She’s left fighting for her life in a coma. The police claim it was a failed suicide attempt, but her friends aren’t convinced. Will Naomi ever wake? What — or perhaps who – led her to that hospital bed? How did her friends fail to spot the warning signs?
While Rose turns to wild partying and Leo is shrouded by black moods, Red sets out to uncover the truth. It’s a journey that will cause Red’s world to crack, exposing the group’s darkest secrets. Nothing will ever be the same again, because once a mirror is shattered, it can’t be fixed.
A teen fiction novel, written by a model, called Mirror Mirror. Your reaction is probably like mine: next! But then Cara Delevingne isn’t really your average model/actress so I was interested to see if she would challenge my initial reaction. My advice for anyone interested in reading this book is: get past the first chapter. I nearly judged the whole book on this and put it down, but thankfully I kept on reading.
The set-up is pretty standard for teen fiction: Red, Leo, Rose, and Naomi lead a pretty dream teen life. The high school friends (one beautiful, one creative, one with a difficult home life, and one outsider) are in a band together and are a bit too cool to be popular. Then Naomi vanishes and the friends have to band together to work out what happened before it’s too late. Pretty standard, right? Well, one of the most interesting things about this story it’s told through the eyes of Red, the outsider. She’s short, ginger, shy, alternative-looking – and a lesbian.
Mixed into the narrative of this teen thriller is a very real perspective of what it’s like to be an LGBT+ teen in high school (even in 2017): constantly walking that tightrope between acceptance and discrimination. It actually paints a vivid picture of how quickly homophobia can rise out of nowhere, making giving the book much more substance than I had anticipated. I think some of this should really be credited to the book’s co-author, Rowan Coleman, who put this novel together with Delevingne. Either way, if you’re looking for some interesting teen fiction from a queer perspective, I definitely recommend checking it out.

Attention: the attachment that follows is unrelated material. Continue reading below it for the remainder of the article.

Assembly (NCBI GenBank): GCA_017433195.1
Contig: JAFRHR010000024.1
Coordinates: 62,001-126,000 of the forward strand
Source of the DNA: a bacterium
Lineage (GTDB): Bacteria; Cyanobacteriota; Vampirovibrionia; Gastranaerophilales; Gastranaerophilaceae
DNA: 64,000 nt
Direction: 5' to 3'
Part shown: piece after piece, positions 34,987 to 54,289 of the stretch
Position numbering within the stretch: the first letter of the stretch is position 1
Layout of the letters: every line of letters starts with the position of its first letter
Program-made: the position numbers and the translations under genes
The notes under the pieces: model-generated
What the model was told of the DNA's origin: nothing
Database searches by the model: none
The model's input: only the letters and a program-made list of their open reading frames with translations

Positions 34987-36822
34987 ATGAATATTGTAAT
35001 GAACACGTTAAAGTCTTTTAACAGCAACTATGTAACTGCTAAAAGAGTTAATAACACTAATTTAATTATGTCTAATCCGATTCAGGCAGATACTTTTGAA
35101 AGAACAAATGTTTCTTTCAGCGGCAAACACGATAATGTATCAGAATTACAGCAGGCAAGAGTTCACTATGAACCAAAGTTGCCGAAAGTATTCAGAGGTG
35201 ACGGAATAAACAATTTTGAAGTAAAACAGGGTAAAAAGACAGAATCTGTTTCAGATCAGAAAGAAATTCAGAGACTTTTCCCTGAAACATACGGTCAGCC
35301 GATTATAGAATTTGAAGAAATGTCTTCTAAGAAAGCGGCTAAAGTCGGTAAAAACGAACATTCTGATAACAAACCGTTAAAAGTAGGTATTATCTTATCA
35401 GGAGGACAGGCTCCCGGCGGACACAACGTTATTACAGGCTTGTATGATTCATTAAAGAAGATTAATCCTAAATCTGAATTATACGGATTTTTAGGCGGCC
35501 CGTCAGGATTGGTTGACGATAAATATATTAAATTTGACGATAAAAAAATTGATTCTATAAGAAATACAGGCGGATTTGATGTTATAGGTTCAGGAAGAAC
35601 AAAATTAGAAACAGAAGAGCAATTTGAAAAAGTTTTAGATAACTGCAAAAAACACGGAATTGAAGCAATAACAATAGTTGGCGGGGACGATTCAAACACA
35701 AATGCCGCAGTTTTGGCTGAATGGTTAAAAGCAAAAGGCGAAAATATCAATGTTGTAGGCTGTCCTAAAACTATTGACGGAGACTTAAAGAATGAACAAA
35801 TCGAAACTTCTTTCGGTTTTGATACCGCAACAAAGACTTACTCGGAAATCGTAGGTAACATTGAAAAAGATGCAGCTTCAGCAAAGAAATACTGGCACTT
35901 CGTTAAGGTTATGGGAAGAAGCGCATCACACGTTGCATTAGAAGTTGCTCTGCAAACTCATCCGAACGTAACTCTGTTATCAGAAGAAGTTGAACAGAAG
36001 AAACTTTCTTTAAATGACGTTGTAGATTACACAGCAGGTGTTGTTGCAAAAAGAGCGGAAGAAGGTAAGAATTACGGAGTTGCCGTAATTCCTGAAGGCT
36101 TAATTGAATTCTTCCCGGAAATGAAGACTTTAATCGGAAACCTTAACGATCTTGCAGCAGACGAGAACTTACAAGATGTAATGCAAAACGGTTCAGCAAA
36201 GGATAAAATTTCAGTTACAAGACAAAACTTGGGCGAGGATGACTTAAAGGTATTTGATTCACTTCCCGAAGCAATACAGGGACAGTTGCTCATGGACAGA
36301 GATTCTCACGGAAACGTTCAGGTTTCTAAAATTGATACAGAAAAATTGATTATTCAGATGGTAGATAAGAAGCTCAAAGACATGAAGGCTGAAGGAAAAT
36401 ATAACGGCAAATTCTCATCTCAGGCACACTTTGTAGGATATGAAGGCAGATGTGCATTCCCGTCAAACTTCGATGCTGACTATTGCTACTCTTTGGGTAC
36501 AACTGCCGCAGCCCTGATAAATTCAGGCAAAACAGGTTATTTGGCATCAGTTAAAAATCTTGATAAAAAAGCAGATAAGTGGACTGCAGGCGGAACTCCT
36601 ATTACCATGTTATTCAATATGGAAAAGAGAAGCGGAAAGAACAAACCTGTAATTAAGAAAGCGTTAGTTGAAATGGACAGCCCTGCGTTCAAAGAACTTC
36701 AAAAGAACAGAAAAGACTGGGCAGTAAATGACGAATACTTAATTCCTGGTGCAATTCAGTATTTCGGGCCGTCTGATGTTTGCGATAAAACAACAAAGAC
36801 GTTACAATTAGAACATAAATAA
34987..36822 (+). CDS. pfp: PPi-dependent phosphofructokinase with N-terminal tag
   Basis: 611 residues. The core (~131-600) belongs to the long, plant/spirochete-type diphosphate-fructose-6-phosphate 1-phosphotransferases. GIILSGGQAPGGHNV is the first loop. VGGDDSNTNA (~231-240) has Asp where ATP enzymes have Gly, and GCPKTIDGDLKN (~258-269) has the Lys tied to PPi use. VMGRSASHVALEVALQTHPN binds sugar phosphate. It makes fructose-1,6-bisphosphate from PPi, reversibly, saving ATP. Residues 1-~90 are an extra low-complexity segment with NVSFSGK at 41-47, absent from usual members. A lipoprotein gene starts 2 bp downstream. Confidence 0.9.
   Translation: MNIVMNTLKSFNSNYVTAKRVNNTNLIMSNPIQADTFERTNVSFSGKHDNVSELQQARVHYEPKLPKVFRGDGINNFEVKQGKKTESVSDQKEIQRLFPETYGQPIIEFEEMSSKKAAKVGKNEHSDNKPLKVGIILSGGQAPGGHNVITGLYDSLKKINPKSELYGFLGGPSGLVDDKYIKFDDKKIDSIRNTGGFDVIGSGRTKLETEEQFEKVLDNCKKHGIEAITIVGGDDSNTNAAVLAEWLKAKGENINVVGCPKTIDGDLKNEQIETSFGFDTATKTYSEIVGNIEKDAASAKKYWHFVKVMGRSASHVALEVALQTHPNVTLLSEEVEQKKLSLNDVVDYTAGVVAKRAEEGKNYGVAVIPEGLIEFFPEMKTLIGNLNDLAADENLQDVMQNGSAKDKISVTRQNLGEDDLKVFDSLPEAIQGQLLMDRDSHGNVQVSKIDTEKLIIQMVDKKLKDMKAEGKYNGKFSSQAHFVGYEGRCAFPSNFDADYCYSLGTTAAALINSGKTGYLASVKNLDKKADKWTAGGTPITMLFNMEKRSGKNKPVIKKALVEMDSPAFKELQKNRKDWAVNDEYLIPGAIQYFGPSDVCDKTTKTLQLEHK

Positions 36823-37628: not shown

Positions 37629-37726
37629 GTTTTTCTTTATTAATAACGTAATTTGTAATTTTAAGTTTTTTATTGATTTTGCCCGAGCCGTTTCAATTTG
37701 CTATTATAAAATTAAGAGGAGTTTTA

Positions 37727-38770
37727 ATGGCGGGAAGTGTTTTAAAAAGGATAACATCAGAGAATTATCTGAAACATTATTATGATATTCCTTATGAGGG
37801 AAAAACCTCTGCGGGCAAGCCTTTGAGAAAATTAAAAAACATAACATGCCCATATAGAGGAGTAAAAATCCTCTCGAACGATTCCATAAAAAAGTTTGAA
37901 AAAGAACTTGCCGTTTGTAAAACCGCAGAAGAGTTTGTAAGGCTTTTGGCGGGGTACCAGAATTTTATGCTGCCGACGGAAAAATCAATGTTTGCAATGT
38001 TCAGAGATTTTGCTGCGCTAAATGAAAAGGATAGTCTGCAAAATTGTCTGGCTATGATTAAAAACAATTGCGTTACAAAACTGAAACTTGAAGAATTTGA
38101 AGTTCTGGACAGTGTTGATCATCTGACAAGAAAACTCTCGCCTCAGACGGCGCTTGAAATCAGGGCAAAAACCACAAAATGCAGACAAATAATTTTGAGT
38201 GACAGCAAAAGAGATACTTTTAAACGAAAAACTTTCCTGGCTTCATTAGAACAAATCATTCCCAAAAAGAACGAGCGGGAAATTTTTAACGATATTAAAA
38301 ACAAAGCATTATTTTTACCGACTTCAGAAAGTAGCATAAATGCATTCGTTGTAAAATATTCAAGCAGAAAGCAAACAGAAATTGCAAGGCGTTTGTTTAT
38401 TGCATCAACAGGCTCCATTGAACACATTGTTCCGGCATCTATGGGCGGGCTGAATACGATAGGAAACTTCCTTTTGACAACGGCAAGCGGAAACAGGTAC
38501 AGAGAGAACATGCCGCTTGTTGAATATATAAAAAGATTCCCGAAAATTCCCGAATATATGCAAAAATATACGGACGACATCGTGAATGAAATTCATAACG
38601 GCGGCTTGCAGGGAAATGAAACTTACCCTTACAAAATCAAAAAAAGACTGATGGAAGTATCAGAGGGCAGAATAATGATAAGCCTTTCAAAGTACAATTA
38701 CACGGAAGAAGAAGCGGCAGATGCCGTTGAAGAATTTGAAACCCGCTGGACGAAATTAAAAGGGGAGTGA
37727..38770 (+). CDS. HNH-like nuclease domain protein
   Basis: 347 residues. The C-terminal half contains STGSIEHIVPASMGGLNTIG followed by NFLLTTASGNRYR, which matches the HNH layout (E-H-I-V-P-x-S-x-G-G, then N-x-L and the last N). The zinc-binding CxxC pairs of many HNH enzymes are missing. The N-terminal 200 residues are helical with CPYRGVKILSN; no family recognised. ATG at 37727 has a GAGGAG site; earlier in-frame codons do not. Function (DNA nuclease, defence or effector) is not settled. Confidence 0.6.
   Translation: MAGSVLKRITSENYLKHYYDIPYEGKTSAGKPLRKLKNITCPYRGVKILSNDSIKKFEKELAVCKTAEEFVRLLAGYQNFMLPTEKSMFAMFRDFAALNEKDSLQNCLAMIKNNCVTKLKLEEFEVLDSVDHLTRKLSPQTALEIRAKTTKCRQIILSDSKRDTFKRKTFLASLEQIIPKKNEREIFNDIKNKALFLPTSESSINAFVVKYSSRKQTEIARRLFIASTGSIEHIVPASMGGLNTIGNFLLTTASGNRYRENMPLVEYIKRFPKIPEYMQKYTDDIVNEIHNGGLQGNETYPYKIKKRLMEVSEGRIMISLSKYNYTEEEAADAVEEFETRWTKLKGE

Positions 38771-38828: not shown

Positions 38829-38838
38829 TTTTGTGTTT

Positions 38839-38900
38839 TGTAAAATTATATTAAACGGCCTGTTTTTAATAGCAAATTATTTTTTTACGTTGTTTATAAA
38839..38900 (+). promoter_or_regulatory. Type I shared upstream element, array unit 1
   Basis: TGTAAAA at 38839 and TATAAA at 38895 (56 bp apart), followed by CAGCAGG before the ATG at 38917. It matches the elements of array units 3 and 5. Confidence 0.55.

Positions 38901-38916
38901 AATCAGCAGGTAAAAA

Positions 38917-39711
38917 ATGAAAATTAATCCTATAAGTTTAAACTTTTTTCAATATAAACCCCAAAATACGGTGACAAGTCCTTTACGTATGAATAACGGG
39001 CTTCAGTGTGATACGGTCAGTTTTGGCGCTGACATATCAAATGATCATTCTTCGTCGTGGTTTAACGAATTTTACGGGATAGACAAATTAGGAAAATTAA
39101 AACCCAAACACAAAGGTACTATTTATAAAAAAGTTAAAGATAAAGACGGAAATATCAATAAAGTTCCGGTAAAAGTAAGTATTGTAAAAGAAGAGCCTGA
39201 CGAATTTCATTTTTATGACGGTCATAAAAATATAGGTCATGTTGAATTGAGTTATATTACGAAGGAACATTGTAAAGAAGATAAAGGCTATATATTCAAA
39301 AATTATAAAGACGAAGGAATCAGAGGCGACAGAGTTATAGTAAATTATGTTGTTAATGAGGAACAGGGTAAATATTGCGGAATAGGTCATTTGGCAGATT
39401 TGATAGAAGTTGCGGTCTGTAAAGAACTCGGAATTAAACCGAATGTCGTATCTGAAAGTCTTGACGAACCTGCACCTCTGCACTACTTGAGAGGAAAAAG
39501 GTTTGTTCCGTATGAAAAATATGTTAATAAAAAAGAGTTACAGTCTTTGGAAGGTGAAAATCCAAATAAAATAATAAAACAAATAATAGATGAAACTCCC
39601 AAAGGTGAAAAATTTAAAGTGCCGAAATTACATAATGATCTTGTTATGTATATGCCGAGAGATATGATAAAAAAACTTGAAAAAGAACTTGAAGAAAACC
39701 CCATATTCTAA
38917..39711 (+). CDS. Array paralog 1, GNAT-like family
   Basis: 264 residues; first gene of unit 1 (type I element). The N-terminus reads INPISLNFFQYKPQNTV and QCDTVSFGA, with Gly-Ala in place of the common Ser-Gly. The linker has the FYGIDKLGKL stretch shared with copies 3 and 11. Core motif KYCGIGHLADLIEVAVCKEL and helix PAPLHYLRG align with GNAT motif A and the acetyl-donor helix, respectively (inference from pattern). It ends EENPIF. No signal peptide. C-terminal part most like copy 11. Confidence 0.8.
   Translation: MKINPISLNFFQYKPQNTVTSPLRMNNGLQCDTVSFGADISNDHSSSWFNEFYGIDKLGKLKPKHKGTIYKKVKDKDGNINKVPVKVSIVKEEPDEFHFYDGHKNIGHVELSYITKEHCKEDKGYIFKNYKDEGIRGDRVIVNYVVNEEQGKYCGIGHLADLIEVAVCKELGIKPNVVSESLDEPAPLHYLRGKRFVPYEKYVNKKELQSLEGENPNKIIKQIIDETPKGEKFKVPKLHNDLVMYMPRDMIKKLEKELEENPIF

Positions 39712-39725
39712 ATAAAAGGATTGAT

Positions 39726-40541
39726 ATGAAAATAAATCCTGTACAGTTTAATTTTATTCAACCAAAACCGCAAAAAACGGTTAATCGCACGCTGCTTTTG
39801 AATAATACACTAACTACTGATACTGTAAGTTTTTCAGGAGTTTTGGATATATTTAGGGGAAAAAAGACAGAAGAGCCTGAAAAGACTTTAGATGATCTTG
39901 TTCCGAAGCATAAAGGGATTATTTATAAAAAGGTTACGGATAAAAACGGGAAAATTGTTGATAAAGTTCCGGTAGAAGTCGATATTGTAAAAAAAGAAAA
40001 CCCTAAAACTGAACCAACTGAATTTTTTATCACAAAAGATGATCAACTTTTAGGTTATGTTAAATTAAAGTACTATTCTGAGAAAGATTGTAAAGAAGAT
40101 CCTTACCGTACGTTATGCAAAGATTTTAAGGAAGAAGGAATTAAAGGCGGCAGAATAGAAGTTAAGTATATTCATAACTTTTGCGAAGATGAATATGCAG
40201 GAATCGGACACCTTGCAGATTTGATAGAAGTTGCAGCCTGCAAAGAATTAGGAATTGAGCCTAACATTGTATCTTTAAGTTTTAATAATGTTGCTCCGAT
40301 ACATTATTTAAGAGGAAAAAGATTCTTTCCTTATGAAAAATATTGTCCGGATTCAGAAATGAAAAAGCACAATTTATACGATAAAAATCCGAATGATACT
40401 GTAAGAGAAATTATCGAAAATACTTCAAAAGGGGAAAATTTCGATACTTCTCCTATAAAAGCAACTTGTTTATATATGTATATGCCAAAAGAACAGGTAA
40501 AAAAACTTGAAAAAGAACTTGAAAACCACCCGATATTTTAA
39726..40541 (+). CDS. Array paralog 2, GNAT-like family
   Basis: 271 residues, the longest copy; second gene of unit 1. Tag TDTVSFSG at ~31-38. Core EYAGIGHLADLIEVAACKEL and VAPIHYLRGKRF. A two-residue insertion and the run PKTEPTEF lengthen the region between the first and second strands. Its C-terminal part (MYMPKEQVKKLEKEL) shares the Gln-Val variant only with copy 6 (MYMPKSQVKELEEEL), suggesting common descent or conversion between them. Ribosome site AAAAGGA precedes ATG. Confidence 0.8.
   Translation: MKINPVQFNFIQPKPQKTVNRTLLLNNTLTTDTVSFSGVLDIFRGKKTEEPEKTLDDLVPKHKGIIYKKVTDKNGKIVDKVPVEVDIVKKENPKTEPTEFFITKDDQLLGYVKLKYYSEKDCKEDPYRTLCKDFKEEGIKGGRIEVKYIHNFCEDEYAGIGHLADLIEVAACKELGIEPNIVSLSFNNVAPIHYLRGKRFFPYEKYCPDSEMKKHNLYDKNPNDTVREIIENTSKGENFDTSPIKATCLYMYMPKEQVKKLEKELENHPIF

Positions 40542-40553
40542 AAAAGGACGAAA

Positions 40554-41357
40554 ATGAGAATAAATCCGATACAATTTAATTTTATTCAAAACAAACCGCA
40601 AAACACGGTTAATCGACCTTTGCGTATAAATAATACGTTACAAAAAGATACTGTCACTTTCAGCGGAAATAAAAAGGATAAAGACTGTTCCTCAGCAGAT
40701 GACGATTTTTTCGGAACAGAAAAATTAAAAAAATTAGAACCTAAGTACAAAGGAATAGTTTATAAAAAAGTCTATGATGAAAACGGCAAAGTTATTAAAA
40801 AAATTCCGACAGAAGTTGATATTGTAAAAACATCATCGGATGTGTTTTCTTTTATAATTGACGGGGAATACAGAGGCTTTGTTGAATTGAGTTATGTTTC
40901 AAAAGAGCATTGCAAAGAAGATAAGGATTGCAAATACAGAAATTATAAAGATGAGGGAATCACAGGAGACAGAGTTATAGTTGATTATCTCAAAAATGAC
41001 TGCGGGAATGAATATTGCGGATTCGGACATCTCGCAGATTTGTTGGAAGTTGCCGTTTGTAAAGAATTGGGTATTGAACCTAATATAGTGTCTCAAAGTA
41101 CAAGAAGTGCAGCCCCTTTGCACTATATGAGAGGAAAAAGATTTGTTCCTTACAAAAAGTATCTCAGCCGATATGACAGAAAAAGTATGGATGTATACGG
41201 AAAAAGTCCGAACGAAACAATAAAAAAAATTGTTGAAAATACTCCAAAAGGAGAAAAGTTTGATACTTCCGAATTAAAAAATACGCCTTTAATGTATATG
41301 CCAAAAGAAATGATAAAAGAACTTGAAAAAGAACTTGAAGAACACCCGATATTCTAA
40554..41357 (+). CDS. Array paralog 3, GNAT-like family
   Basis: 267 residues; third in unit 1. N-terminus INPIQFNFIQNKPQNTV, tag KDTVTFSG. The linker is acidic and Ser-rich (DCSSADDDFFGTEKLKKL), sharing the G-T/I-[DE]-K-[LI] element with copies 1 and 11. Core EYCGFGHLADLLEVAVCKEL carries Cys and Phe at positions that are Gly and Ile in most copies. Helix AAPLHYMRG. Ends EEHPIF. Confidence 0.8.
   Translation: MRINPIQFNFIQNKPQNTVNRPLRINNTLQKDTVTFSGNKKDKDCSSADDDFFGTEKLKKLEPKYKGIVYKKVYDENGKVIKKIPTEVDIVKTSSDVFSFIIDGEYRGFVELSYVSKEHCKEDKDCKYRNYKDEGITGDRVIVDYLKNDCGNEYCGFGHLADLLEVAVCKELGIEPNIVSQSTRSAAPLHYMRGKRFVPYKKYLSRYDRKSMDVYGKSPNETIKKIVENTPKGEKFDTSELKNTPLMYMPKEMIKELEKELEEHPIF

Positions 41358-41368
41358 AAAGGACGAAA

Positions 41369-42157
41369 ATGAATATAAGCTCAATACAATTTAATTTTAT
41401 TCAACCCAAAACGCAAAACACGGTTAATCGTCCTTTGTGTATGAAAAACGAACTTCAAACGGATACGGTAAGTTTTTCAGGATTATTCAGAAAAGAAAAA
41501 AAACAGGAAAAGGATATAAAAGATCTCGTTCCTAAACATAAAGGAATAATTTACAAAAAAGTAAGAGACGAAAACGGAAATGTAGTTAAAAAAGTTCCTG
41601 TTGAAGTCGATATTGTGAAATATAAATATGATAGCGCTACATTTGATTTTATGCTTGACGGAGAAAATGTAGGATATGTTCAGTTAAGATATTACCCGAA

In the 1970s a group of pioneering feminist entrepreneurs launched a movement that ultimately changed the way sex was talked about, had, and enjoyed. Boldly reimagining who sex shops were for and the kinds of spaces they could be, these entrepreneurs opened sex-toy stores like Eve’s Garden, Good Vibrations, and Babeland not just as commercial enterprises, but to provide educational and community resources as well. In Vibrator Nation Lynn Comella tells the fascinating history of how these stores raised sexual consciousness, redefined the adult industry, and changed women’s lives. Comella describes a world where sex-positive retailers double as social activists, where products are framed as tools of liberation, and where consumers are willing to pay for the promise of better living-one conversation, vibrator, and orgasm at a time.
An academic text on the history of female sex-toy shops in the USA might not sound like a fascinating read but I really loved it. Comella references the length of time she spent researching this subject multiple times (was it 20 years?) plus how in-depth she went (working in Babeland’s NYC store for example) and it really shows. I loved how comprehensive this exploration of the movement is and the fact that she managed to interview some of the sex-shop pioneers before they passed away.
I really had a sense of how much has changed since the 70s – and even since I bought my first vibrator in the 90s! Quite amazing that a small group of women managed to take female-focussed sex-shops from a sidelined movement to a multi-million dollar industry. It made me want to do a pilgrimage to the West Coast of USA to visit some of the original stores, which may sound a bit weird but this book made me realise what a huge impact these shops had on female (and queer) sexuality in the western world and how, generations later, we are all benefitting from this. I’d love to read about how the movement developed in other countries too. That’s my wishlist for Comella’s next book.